In this thriving industry, more women are wearing hard hats alongside their male peers. A perpetual need for skilled workers in the fuels and petrochemical industries long ago nixed the notion that these jobs are traditionally for men. But even today, as men and women work side by side to produce the energy and products that power our world, many of our nation’s women might not fully realize these high-paying careers are awaiting them.
One way to spread the word? Share their stories. As part of an ongoing series, join us for a look at some of the women working in today’s fuels and petrochemical plants.
A typical day at work for Tena LaRose starts something like this:
She gets to the office (early, of course) at Phillips 66 headquarters in Houston. She checks the weather — for Houston, on the Gulf Coast, and around the country, looks at the news of the day, checks in with her colleagues across the hall and across the country. Then she digs into political and financial news on trade agreements, tariffs and such. Scrolls through screens of data, crunching the numbers on supply and demand for oil.
Once she knows everything that’s going on in the world: she’s ready to give her recommendations.
That kind of pressure doesn’t rattle Tena LaRose though. As a gasoline trading strategist for one of the country’s biggest oil and gas companies, that’s her job. There is something though, that unnerves her (we’ll tell you about that a little later).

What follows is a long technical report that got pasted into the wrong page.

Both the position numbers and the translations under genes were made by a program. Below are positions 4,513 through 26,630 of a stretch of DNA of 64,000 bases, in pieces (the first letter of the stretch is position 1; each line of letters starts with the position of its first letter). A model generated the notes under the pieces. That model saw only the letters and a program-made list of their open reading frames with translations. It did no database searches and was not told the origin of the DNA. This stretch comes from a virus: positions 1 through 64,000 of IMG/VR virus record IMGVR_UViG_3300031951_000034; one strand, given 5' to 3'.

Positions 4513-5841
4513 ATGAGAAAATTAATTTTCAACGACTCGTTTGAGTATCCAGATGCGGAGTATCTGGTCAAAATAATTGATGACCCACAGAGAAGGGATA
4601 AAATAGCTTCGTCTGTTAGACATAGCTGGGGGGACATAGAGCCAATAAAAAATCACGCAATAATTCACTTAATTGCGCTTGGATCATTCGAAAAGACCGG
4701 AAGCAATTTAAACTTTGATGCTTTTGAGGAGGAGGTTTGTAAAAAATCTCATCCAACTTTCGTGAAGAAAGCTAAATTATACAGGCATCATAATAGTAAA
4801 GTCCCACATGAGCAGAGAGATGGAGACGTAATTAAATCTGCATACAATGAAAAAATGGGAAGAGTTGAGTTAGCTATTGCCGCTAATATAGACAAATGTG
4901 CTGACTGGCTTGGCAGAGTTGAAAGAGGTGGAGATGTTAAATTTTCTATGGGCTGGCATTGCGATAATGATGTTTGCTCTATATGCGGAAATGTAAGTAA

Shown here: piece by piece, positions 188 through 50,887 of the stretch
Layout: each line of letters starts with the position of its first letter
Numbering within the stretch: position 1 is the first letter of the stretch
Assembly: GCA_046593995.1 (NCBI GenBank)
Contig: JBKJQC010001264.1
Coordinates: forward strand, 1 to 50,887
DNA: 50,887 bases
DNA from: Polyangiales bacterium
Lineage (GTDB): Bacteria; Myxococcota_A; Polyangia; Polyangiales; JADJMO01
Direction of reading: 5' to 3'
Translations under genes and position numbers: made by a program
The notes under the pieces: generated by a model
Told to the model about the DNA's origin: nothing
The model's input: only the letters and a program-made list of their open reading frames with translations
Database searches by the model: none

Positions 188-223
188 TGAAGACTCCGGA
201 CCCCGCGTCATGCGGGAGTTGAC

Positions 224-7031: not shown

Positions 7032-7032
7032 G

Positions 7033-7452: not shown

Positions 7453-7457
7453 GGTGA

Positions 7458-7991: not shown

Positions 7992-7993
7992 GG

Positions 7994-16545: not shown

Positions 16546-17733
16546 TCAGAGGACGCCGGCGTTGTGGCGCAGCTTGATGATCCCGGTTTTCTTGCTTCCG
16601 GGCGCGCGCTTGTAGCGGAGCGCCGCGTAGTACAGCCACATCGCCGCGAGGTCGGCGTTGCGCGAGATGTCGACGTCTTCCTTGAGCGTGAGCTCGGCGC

She started her career in a very different job as a chemical engineer — at a refinery. “I liked engineering,” Tena says. “I liked the combination of math and science — I just didn’t want to do that forever. So one day, I ‘raised my hand’ and told them I wanted to get into more of the ‘how do we make money and how do we lose money’ side of the industry.”
Happily for her, Phillips 66 is a company that encourages personal growth and could allow her to make a non-traditional move and try something new. And happily for Phillips 66, her recommendations generally fall on the “make money” side of the ledger.
Her years with the company have given her some great experience.
Her proudest moment on the job? “After Hurricane Sandy, when almost everything was down, improvising to get fuel into New York. We were working the phones, rerouting ships at sea, doing whatever we had to do — so that ambulances and buses, police cars and fire engines and delivery trucks could do what they had to do.”
What would she say to a young woman in college, wondering if it’s really a “man’s world” in the fuels and petrochemical industries? Sometimes, that answer is yes. And there have been times when she was the only woman of color. But Tena says that is steadily changing, for the better, and this is an industry bursting with opportunities for women coming in.
“I wish I’d known when I started,” she says, “how many opportunities there are in this industry. Not everyone is wearing either a hard hat or a suit. I started as an engineer, moved to the business side as a trading strategist, and I know there are other directions I can go in — when I am ready for the next challenge.”
So, her advice to young women is — come on in. And if you do find yourself at Phillips 66 in Houston, find Tena. Especially early on in her career, mentors in the company were extremely important to her — helping her figure out what she needed to do to be successful. Now, she takes newcomers under her wing and does the same for them.